It was announced last week that the network of 13 Mars Hill churches founded by recently resigned pastor Mark Driscoll will dissolve by the beginning of 2015. According to a Christianity Today report, the churches have three options: become independent, merge with an existing church, or disband.


Southern Baptist leader Russell Moore is one of the speakers set to address a Vatican colloquium on marriage and family later this month. The religious groups that will be represented certainly have their differences, Moore blogged, and the meeting won’t change that reality. “That said, I am willing to go anywhere, when asked, to bear witness to what we as evangelical Protestants believe about marriage and the gospel, especially in times in which marriage is culturally imperiled.”

 

Ronnie_Floyd_blogCOMMENTARY | Meredith Flynn

Ronnie Floyd is the first candidate to toss his hat in the ring for the next Southern Baptist Convention president. Although, in keeping with tradition, Floyd’s nominator actually did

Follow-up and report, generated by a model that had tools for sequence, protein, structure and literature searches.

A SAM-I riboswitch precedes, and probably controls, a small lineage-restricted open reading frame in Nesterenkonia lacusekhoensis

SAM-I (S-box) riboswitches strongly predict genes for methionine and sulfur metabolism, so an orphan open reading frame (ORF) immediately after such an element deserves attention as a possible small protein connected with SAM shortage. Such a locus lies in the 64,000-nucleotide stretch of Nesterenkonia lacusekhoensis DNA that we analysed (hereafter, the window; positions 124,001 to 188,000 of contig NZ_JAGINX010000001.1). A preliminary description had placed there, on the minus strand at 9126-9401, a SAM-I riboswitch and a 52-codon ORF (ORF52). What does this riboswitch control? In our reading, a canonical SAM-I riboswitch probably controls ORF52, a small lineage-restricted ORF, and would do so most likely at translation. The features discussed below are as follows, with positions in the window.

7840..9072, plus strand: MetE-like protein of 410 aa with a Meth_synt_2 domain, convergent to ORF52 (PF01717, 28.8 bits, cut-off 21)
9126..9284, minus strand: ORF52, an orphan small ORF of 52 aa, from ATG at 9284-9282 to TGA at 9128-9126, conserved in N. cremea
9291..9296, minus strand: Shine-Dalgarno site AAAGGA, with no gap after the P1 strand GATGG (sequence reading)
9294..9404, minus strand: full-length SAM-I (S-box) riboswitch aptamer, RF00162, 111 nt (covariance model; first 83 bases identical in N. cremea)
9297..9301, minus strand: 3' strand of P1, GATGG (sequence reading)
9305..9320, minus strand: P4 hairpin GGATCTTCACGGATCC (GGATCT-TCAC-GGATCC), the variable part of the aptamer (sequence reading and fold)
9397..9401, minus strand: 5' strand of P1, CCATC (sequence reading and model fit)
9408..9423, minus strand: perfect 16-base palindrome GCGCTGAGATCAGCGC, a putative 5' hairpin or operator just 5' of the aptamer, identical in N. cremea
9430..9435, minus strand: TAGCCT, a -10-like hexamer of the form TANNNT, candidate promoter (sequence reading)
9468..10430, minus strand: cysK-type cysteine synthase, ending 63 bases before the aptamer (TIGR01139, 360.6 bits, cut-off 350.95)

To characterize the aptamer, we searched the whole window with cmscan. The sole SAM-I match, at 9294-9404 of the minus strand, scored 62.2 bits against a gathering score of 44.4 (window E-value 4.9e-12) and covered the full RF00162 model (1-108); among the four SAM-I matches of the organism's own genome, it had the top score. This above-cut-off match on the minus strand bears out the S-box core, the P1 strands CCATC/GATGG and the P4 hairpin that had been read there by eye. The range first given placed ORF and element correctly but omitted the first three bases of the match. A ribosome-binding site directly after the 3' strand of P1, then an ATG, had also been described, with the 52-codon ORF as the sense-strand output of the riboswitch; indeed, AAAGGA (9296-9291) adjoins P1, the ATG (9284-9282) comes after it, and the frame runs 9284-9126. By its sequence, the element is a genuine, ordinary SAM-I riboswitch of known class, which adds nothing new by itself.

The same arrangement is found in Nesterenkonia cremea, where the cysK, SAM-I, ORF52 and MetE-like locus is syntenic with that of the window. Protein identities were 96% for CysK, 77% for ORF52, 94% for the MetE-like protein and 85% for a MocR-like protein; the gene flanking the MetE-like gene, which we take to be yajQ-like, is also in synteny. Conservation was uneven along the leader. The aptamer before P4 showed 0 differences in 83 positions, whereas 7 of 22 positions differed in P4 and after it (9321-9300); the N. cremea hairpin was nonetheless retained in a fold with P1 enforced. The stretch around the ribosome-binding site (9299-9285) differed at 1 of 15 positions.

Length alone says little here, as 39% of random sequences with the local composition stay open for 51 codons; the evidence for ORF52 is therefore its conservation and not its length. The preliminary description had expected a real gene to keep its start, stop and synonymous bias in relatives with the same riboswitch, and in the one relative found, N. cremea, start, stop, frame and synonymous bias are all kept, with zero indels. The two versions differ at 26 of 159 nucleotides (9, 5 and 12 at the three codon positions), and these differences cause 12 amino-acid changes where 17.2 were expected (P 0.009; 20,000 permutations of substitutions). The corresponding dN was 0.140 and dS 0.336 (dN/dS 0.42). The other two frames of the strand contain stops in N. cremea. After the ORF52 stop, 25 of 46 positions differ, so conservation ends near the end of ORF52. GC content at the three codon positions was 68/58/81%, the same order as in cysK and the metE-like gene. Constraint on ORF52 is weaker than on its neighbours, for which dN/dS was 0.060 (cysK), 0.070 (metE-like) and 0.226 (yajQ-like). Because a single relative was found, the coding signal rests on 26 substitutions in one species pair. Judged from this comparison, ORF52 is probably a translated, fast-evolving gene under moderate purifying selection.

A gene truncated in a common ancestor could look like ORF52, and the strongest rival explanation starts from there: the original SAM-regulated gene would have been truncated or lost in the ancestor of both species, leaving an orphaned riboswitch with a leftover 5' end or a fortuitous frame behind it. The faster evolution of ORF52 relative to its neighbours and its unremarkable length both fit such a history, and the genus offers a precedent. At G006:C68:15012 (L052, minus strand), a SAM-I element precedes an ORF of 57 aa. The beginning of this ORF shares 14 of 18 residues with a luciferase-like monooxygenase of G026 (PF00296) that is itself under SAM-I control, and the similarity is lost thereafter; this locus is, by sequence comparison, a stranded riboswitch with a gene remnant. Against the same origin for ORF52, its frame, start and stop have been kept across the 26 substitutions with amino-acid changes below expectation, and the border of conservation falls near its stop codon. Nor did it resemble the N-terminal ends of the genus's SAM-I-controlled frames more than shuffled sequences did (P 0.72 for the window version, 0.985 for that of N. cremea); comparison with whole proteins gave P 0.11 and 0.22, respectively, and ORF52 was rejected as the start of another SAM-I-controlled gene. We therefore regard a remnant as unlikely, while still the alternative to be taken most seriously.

the tossing: Southern Seminary President Al Mohler announced last month he will nominate Floyd for the convention’s top elected post at the annual meeting in Baltimore.

No one else has allowed his name to be brought forth so far. This unusual across-the-aisle nomination, and a potential single-candidate race, has several implications for Southern
Baptists:

1. The Calvinism debate doesn’t have to result in a hostile takeover for either camp. Mohler’s well-known and well-documented theological perspective is different from what is known of Floyd’s. In an open letter announcing the nomination, the seminary president and leading Reformed thinker lauded Floyd as a unifier. He specifically mentioned the theology talk that has dominated conversation over the past several years, pointing to Floyd as a leader who can move the SBC toward a common goal of reaching the world for Christ.